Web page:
Remarks by Prime Minister, Dr the Right Honourable Keith Mitchell on 11 May 2021at the UN High-Level Discussion – The Future of Tourism, What is Next?
I must first commend the United Nations Development Programme (UNDP) for initiating this high-level discussion on the future of tourism, a very necessary conversation, given the devastating blow dealt to the sector by the Covid-19 pandemic. So thank you, for this event and for your continued demonstration of support for the Caribbean.
If we are to be brutally honest with ourselves, we will admit that we really do not know for certain what is next. Grenada and other countries in the region are trying to restart the tourism sector but it is proving to be quite a challenge. And as we continue to see spikes in Covid-19 cases in some countries, the emergence of new, more aggressive variants and many border closures, the uncertainty of the future becomes even more concerning.
Notwithstanding the challenges, we continue to be optimistic that the tourism industry will rebound and recover. Our expectations in that regard must be tempered by an unwavering commitment to give priority consideration to the safety of our people. Placing safety at the pinnacle of our efforts to restart tourism will serve as an attraction in and of itself. A country that demonstrates good Covid-19 management protocols, along with easy and efficient entry protocols will no doubt be included on the list of preferred destinations. In fact, Grenada has already been identified on a list of 6 countries that potential travelers should have on their radar to visit, once they have been fully vaccinated.
It is disappointing to note that no Caribbean country was included on the UK green list of safe countries approved for non-essential travel. This drives home the urgency for Grenada and other Caribbean countries to come together to lobby the UK for green light status, based on our relatively low case numbers and astute management of the pandemic. This will create a tremendous opportunity to increase the Caribbean’s global market share as many popular destinations in places such as Italy, China, Spain, and South Africa will be closed out.
Positive or low-risk ratings by the US and the UK will be good news for the tourism sector in the Caribbean as travelers from these countries will be able to visit the region without fear of punitive consequences when they return home. These ratings/rankings are also likely to guide where airlines will decide to focus their marketing efforts and increase the likelihood of more traffic, resulting in more available seats and hopefully more travelers using those seats to visit our region.
My friends, we cannot ignore the fact that travel is no longer hassle-free. Testing, quarantine requirements and Covid-19 protocols such as wearing a mask, have added a layer of complexity to travel, increased costs considerably and removed the element of spontaneity, all of which stand to negatively impact tourism.
But hope springs eternal and we anticipate that the pent-up demand created by lockdowns, will drive people to travel. Many would want to travel and the Caribbean will be a favourable destination.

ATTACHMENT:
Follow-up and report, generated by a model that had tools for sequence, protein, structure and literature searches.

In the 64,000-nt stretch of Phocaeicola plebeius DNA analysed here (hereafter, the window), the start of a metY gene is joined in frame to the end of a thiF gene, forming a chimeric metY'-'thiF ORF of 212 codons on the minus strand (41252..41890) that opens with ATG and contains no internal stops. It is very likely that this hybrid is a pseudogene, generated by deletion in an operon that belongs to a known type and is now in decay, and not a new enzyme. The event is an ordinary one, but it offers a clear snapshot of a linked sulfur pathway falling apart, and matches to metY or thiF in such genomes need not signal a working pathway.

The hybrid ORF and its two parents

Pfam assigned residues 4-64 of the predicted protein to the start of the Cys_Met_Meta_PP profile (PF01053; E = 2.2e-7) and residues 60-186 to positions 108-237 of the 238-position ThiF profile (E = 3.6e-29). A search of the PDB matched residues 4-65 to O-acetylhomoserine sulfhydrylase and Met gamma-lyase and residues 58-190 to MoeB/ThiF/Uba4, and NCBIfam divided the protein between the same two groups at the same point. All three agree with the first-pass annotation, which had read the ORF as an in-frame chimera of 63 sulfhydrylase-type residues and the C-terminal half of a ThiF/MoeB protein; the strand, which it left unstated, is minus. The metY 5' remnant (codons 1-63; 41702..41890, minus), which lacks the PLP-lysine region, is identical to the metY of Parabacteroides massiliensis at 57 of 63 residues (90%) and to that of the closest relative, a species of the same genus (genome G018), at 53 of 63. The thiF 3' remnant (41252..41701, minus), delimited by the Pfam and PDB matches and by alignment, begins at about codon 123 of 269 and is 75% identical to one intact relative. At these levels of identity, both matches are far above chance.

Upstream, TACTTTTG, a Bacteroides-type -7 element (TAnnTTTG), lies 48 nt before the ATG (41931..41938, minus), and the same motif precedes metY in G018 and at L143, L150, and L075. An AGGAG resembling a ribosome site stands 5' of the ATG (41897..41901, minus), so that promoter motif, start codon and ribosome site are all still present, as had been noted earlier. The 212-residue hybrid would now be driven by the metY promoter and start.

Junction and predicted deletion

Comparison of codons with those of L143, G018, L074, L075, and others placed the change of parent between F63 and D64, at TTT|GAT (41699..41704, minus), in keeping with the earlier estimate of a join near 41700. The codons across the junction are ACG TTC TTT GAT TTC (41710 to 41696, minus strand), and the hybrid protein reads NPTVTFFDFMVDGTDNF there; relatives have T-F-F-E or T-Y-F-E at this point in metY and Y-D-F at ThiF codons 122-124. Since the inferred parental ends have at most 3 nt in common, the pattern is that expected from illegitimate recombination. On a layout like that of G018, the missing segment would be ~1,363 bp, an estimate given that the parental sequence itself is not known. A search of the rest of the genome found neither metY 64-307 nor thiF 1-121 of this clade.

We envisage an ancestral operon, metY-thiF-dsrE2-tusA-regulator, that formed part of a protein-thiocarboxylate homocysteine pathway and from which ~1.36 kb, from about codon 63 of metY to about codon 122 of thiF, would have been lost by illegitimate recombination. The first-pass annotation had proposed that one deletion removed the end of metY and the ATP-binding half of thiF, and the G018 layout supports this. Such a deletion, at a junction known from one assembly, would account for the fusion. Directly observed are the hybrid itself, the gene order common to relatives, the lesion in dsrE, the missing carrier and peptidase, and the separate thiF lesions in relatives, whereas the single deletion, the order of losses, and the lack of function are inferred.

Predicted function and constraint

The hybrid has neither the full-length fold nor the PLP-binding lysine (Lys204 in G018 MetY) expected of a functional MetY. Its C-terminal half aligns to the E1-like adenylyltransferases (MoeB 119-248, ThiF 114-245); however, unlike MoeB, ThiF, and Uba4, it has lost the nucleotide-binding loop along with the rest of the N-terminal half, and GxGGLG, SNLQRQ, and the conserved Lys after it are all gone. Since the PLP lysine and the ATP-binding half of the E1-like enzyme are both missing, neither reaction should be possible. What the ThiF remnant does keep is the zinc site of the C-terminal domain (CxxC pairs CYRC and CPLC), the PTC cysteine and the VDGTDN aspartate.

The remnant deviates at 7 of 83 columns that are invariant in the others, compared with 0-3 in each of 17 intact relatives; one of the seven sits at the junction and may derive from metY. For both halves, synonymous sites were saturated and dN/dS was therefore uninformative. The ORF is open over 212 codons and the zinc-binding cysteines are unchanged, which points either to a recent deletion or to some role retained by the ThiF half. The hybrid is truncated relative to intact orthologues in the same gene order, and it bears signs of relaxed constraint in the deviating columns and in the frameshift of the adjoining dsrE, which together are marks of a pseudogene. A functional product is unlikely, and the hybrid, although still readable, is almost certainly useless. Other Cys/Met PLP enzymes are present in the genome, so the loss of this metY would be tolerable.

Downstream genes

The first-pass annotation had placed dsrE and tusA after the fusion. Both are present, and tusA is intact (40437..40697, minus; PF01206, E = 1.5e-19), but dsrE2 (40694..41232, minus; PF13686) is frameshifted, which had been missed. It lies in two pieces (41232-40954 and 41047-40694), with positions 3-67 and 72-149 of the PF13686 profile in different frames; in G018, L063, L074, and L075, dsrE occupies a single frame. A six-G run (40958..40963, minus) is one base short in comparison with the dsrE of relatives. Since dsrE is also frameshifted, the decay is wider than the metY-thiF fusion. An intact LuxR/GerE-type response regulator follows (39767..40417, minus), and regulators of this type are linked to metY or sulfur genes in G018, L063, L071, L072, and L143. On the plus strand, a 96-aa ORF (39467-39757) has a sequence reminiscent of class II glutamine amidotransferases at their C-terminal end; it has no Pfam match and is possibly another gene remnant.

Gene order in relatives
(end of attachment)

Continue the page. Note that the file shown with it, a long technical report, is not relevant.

It is an opportune time to focus more on intra-regional travel. Considerable resources are invested into attracting visitors from around the world, but we often forget that there is a ready market in closer proximity. The question is how do we tap into this? What initiatives can we embark on to encourage Caribbean nationals to travel among the various islands? My friends, one such initiative would be reducing the travel tax and making the cost of airline tickets more affordable. However, this must be a collaborative effort among the islands.
The vision for the future of regional tourism should also include greater emphasis on heritage tourism. The Caribbean has a rich heritage and there is significant potential for that history and culture to become a more visible part of the attraction of various destinations. Therefore, greater emphasis should be placed on developing and promoting these sites.
There is also a view that community-minded travel will become more popular in the future as the pandemic has caused many people to become more aware of the global community and some may opt for more community-oriented tourism rather than the glitzy-glamourous side of the industry. With that in mind, as we strategise on the way forward, community tourism is likely to become a national priority area for Grenada, an approach that will create more opportunities for self-employed individuals and potential growth of micro, small and medium-size enterprises.
Here in Grenada, we are confident about the future of tourism. Several developments are currently underway, which will create significant and diverse job opportunities for our people. Additionally, a recent initiative launched here in Grenada – the West Indies School of Hospitality will bring tremendous training opportunities for persons involved in the tourism sector. The initiative, in partnership with Cornell University, also stands to benefit our brothers and sisters across the region and will certainly lead to greater empowerment of our people.
In closing, I want to reiterate that the future prospects look good and I strongly urge that we keep our guard up. New Covid-19 variants and vaccine hesitancy could threaten to overwhelm our system but at the same time, there are numerous paths out of the crisis that also present golden opportunities for growth. As with many other things, unity of purpose is an incredible driving force and the Caribbean should therefore seek to speak with one voice in our lobbying efforts. Let us tread lightly but look positively towards a better future.
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